Tuesday, January 23, 2007

Another Possibly Instructive Tip Regarding Word Usage

Here's an instructive lesson in word choice. The mid–State of the Union headline in the New York Times, at least at this moment, reads Bush Offers Broad Goals for Last 2 Years. Now, note the subtle meaning distinction here between the word they use, "Last," and another word that many writers often use interchangeably with it, "Past." The headline clearly indicates that they're talking about Bush's goals for the "Last 2 Years" of Bush's presidency, meaning 2007 and 2008. Were they to write "Past 2 Years," they would wrongly imply that everything we're tasked with accomplishing now should really have been accomplished between January 2005 and today. And this is, uh . . . clearly not . . . yeah, you know, never mind.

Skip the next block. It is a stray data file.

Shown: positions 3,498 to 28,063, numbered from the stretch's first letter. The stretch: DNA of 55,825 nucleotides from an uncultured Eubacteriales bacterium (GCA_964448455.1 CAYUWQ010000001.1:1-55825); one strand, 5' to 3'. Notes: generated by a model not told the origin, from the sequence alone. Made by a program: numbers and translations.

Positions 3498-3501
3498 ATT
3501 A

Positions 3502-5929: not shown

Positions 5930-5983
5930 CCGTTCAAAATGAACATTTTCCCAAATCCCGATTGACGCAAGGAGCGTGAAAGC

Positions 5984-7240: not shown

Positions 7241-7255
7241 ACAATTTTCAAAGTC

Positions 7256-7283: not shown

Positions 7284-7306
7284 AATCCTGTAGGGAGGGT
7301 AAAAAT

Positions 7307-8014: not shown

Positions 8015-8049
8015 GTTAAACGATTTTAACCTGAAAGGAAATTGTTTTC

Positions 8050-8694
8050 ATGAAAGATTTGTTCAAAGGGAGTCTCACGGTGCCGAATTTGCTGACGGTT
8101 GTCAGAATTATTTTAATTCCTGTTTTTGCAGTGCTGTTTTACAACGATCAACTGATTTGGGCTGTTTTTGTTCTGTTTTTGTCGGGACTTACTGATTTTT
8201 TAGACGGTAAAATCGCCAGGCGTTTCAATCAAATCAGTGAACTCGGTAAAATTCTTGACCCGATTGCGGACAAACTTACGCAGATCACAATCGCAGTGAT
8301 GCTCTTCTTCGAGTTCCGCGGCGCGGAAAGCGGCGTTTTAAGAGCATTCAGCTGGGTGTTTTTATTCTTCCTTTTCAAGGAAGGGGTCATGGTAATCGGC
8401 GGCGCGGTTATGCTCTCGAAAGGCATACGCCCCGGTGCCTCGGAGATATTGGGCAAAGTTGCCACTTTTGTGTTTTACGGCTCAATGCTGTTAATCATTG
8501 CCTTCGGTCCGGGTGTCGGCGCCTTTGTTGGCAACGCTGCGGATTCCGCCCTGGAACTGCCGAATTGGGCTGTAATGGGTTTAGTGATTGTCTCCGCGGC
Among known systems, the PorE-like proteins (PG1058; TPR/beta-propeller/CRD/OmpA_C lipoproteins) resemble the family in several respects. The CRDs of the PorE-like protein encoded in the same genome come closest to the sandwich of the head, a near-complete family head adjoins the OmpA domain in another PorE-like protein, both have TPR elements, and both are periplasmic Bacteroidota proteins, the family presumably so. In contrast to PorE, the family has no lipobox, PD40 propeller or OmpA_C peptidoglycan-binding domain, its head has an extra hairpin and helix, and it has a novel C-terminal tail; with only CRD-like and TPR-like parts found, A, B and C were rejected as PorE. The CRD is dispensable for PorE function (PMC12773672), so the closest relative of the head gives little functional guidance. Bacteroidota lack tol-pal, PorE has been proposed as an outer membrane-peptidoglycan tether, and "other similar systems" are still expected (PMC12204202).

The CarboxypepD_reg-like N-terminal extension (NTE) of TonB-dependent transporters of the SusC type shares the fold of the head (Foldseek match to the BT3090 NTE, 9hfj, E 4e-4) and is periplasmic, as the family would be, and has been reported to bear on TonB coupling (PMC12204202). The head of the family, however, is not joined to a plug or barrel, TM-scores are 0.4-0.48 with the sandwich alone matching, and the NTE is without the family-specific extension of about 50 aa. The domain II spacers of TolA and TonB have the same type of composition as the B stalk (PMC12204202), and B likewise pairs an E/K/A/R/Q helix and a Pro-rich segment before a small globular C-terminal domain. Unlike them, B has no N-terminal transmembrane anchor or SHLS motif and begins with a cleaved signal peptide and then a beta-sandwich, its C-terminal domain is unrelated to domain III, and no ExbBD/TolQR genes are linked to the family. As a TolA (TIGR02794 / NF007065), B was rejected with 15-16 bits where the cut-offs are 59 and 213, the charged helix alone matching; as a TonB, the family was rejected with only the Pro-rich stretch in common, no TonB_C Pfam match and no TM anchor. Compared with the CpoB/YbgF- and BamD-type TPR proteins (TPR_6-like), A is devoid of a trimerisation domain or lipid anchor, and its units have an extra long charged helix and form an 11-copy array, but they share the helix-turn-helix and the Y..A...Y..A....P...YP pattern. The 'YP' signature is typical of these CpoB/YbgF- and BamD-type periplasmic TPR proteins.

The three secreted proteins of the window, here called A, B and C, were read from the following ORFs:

Still, the grammatical lesson stands. "Last 2 years" refers to the final two years of a period of time; "Past 2 years" refers to the two years immediately preceding the present day.

For further political commentary, I'm gonna have to refer you back to the Swear-O-Tron. God damn, I hate canned political speeches.


Post a Comment

<< Home